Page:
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    I'll state it simply- No matter how horrible the book is, you don't burn it.
    July 29th, 2008 at 09:09am
  • Ville Valo

    Ville Valo (300)

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    It's like taking a knife to a painting, horrible and unnecessary.
    July 29th, 2008 at 05:44pm
  • Dasha.

    Dasha. (150)

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    Would you burn the mona lisa
    or better yet would you ban it so that no-one can see?

    If not then the same should be done with books.
    No matter what topic they bring a different point of view to the table
    It's good to have an open mind but if you get banned for it
    then freedom of speach as so stated in the constitution
    is not being upheld
    August 1st, 2008 at 09:18pm
  • kafka.

    kafka. (150)

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    gotztogoparty:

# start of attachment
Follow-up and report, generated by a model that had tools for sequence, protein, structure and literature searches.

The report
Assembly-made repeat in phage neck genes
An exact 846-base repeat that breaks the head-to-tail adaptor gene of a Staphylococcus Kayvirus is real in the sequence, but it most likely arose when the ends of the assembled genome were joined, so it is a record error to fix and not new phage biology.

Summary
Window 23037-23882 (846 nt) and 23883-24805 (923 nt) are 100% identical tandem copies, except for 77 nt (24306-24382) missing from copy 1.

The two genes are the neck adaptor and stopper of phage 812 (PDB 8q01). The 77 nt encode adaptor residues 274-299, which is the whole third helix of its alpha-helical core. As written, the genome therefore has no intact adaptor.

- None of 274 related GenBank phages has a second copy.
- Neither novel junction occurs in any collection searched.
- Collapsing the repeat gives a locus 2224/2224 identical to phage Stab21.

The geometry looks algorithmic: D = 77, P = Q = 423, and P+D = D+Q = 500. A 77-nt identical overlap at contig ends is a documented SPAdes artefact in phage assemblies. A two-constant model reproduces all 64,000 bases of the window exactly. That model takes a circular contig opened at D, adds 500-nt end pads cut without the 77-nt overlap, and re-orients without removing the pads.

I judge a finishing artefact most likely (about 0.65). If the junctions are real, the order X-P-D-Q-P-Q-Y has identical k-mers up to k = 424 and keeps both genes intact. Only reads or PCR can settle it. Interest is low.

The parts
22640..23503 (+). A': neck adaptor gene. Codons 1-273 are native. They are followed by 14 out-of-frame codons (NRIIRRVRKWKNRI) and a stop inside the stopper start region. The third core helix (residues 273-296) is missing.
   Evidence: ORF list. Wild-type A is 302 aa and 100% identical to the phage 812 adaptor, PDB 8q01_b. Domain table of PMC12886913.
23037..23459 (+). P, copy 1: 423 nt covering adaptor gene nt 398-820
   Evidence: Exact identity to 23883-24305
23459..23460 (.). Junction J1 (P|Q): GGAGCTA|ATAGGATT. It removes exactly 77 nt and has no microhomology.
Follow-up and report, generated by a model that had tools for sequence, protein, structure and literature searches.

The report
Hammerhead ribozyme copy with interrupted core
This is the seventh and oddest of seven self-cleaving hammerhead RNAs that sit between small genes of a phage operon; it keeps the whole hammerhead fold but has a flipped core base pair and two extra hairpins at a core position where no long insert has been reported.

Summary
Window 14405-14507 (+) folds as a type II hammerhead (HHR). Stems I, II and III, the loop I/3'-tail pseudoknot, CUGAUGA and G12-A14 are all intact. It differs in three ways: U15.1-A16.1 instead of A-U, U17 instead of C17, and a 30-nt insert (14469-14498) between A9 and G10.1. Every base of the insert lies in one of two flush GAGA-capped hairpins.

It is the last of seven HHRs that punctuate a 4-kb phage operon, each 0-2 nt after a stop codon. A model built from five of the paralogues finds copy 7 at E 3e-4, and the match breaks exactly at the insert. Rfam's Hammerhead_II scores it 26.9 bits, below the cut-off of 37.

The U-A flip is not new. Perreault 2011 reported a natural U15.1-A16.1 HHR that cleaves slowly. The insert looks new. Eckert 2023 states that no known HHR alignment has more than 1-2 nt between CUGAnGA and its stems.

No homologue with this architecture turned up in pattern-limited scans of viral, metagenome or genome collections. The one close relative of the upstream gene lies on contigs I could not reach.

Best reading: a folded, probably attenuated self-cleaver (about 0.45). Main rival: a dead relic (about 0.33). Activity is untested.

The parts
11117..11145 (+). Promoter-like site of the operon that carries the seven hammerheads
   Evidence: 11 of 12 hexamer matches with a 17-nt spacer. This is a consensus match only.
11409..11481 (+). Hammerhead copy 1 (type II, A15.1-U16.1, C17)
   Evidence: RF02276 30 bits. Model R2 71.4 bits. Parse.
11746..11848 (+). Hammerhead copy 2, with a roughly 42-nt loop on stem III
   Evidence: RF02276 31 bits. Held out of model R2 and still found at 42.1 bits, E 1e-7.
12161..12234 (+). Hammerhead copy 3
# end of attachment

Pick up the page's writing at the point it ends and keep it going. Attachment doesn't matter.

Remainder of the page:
Would you burn the mona lisa
    or better yet would you ban it so that no-one can see?

    If not then the same should be done with books.
    No matter what topic they bring a different point of view to the table
    It's good to have an open mind but if you get banned for it
    then freedom of speach as so stated in the constitution
    is not being upheld
    It depends on what aesthetic values system I'd have.
    If according to my idea of beauty, Mona Lisa was terribly ugly, I would burn it.
    After I'd buy it surely.
    Not that I have the money to buy it.

    Would you want something like the terrorist cookbook to be out there and teach millions and millions of kids how to make bombs and blew up the world? I don't. The truth is that there still are dangerous ideas out there.

    Though yes, I would love to be able to read the complete works of Sappho for example, but eehh lets say that the fact that just few of her poems remain gives them a certain charm.
    August 4th, 2008 at 09:03pm
  • Al Rosewater

    Al Rosewater (100)

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    I happen to like books. But hey, if you happen to suffer from rampant pyromania then go right ahead as long as you aren't hurting anyone.
    August 5th, 2008 at 08:49pm
  • CamillaMillie

    CamillaMillie (100)